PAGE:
Co-author of Louisiana death penalty ban trounces own bill

Bruno Cirelli
Mag 19, 2017

The bill was passed by the House after hours of debate.

The proposed "House Bill 71" would essentially ban the removal, renaming or adjustment of any military monument of any war, including what the bill dubbed as the "War Between the States", that's placed on public property - unless local voters approve of it.

All of this stems from ongoing controversy in New Orleans about Mayor Mitch Landrieu's plan, approved by the City Council, to take down four Crescent City monuments linked to the Confederacy. Although the vote comes too late to prevent the pulling-down of two more monuments in New Orleans, it does mark a significant roadblock against anyone taking action on any others.

For the Legislature's self-proclaimed conservatives, who are supposed to champion limited government, to meddle in how local communities manage their monuments is the height of hypocrisy. The amendments were dismissed.

"We were and are wounded because the bill attempts to rewrite history by honoring those who not only rebelled against the United States, but who fought to maintain man's greatest inhumanity to man", state Rep. Joseph Bouie (D) said at a press conference Tuesday, May 16, surrounded by several members of the Black caucus.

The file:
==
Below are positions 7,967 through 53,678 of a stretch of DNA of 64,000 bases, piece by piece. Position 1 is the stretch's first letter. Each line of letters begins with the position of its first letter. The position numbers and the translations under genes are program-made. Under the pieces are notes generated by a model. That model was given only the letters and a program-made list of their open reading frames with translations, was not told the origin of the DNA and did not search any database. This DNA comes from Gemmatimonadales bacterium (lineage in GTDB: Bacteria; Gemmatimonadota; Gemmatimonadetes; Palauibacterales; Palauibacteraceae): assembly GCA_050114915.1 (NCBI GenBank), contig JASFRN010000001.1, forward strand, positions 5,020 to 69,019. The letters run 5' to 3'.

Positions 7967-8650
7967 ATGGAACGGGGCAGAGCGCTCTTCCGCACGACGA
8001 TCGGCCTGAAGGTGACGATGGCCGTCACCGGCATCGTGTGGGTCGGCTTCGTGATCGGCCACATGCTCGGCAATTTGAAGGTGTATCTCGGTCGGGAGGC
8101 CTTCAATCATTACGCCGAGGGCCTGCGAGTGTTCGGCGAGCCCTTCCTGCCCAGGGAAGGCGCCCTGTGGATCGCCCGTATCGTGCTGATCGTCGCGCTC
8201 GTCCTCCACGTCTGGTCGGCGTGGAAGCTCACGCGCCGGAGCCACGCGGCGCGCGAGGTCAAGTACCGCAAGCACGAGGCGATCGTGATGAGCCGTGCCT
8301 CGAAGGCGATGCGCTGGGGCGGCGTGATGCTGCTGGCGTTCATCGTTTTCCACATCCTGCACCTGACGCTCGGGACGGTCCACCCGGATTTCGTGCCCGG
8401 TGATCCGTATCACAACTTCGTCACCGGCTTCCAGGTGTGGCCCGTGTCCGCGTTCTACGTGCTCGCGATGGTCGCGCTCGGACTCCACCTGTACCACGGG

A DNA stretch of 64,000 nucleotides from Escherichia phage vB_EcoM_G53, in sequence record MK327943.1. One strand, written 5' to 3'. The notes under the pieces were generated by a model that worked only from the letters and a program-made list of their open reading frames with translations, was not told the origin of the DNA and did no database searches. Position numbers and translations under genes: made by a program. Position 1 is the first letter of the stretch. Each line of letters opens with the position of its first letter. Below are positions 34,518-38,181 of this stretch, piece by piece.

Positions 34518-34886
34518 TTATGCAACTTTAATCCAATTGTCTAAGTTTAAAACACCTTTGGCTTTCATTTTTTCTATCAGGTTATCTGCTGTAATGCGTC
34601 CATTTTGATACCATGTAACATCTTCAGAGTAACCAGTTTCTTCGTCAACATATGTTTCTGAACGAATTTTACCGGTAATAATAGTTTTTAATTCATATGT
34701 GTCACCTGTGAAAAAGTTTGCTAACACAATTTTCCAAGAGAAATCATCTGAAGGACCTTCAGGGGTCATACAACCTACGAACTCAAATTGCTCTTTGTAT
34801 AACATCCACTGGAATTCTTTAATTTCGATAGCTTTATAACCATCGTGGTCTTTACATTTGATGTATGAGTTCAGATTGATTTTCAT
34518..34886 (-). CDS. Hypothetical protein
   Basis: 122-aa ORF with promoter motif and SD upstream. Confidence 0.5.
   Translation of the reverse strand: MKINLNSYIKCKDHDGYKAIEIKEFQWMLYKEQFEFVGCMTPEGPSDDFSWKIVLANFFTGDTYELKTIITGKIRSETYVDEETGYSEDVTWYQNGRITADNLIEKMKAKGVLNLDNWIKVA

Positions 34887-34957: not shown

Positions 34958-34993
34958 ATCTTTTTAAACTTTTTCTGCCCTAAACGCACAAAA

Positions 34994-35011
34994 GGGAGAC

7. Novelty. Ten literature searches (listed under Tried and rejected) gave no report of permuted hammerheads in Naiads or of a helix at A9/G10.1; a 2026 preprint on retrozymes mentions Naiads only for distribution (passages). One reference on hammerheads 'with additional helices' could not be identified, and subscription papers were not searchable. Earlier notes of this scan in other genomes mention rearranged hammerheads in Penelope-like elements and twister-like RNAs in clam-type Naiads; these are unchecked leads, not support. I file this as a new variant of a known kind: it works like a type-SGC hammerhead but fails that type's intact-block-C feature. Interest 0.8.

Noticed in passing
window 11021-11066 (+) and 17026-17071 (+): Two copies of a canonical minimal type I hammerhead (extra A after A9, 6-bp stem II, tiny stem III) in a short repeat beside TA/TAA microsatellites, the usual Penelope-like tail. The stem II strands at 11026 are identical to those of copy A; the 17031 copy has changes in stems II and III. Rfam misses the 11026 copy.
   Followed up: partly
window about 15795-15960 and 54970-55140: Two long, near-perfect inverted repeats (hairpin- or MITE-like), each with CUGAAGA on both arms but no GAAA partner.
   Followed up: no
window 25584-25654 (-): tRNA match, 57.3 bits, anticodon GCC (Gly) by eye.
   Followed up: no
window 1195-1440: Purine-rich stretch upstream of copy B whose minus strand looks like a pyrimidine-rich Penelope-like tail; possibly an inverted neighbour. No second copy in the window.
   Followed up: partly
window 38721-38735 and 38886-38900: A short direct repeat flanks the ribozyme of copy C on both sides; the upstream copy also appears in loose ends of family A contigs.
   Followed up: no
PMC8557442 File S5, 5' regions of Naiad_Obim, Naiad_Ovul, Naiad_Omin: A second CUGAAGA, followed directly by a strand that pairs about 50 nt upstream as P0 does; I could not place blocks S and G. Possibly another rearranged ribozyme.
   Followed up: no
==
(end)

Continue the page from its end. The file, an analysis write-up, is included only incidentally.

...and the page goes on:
The gas tax boost is pushed by chambers of commerce and some business leaders, particularly in the Baton Rouge and Acadiana regions that struggle with gridlock. It's a shame we have to talk about it in this body. It should be believed. Black representatives had condemned the measure and walked off the floor following the vote. "But it's not honored or in history books today". The vote sends the proposal by Republican Rep. Steve Carter of Baton Rouge to the full House for debate. State Rep. Sam Jones, D-Franklin, said "we're here to refight the civil war that ended 150 years ago" while the state still is fighting to balance its budget. New Orleans-area Republicans Ray Garafolo, Stephanie Hilferty and Christopher Leopold voted in support.

We've criticized Landrieu's handling of the issue and think putting the removal idea on a local ballot in New Orleans would have been a good thing. Dan Claitor awaits Senate floor debate, but after Wednesday's vote Claitor said it would be pointless to bring it up. "It was done under the guise of celebrating war heroes, but exposed a deep-rooted belief in white supremacy and racial divisiveness", the statement said.

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